Islington youth theatre’s Coronavirus Time Capsule video diary goes global

Company Three member Renee doing a video diary.

Company Three member Renee doing a video diary. - Credit: Archant

Youngsters from across the world have responded to an Islington youth theatre’s Coronavirus Time Capsule project in which they provide a record of the pandemic from their perspective.

Company Three member Nissa doing a video diary.

Company Three member Nissa doing a video diary. - Credit: Archant

Company Three, which is run out of Islington Central Library in Holloway Road, launched the weekly video diary last month.

The first broadcast was watched by thousands of people and after inviting others to take part, more than 125 groups from far flung countries like Australia, Brazil, Kenya and the US have signed up to do their own versions.

They will all receive the Coronavirus Time Capsule Blueprint guide, created by Company Three and theatre publishers Nick Hern Books, to help them.

Each week the youngsters take part in online workshops, do video tasks and have phone mentoring sessions, before publishing their video diaries on a Friday. The aim is to reduce isolation and anxiety by providing the young people with social connections during the lockdown.

Member Allegresse, 14, said: “The response makes me feel reassured because with everything that’s going there are still people who care what we have to say. It’s our generation who’s going to be in charge of what happens in our world and even though we are mainly controlled by adults it’s our world as well so it’s nice to know that people still care about what we think.”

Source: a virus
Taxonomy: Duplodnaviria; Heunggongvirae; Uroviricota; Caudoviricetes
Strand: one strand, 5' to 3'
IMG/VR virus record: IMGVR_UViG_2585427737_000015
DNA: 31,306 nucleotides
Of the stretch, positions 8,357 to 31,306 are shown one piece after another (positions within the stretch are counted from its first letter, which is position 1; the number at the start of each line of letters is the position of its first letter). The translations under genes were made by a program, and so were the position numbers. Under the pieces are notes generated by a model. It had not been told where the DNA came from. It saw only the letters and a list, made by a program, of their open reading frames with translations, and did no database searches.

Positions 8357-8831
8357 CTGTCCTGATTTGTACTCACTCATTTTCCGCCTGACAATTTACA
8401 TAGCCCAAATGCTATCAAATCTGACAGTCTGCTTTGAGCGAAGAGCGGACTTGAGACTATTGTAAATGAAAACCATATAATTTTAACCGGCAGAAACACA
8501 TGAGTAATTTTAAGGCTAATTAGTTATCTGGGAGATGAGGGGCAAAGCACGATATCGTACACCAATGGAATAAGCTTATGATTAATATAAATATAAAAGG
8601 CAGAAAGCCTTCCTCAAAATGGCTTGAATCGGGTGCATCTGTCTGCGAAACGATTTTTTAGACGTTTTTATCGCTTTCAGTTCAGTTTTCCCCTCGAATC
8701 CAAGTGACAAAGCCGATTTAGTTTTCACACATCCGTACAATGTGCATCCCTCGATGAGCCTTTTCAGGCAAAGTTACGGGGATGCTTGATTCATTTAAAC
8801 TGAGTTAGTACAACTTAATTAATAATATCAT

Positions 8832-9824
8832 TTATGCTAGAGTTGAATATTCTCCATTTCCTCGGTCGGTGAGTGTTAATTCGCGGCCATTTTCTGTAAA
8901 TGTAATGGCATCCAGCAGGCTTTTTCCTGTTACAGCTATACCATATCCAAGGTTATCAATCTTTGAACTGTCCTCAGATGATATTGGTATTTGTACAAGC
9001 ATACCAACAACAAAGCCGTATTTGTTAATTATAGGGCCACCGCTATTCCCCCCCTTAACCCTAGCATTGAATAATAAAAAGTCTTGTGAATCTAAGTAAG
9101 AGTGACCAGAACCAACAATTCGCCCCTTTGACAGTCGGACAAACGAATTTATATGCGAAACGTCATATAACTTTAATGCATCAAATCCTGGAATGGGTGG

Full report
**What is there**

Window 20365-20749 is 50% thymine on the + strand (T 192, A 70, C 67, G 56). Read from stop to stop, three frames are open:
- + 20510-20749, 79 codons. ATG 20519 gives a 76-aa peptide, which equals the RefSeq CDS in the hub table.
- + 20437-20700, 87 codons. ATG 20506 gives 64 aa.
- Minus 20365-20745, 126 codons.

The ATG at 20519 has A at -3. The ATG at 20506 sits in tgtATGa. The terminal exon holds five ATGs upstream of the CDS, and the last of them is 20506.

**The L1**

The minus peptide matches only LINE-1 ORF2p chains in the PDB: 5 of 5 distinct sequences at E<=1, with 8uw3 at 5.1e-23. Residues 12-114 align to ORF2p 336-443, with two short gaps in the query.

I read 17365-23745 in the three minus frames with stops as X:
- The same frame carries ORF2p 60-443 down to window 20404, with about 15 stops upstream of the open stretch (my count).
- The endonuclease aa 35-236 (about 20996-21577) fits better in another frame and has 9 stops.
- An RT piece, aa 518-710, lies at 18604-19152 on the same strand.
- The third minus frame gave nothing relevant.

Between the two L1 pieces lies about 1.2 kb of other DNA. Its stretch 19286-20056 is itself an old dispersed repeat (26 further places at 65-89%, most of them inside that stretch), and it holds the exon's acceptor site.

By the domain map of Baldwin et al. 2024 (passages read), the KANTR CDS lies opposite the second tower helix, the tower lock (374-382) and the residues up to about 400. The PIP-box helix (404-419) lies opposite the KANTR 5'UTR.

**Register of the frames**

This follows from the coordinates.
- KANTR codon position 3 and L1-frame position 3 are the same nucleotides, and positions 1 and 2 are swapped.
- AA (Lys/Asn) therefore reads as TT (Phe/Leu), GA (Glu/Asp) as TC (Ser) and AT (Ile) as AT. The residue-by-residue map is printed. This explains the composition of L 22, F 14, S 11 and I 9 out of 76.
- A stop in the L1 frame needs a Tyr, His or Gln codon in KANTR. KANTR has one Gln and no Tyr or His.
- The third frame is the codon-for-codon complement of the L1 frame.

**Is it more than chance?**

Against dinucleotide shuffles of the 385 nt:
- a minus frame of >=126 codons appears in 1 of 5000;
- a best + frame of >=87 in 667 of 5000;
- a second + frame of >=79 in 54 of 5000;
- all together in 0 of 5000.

Company Three launched in 2008 and supports young people aged 11 to 19.

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Artistic director Ned Glasier said the theatre wanted to support teenagers who are missing out on “hugely significant moments” in their education and maybe finding the lockdown difficult.

“We are so inspired that so many people have signed up already and can’t wait to see what they make. This unprecedented global emergency should also be an opportunity for unprecedented global sharing, understanding and connection – and we hope that’s what this project offers teenagers everywhere.”

The Unicorn Theatre, the National Association of Youth Theatres and the Scottish Youth Theatre are helping to spread the word about the project.

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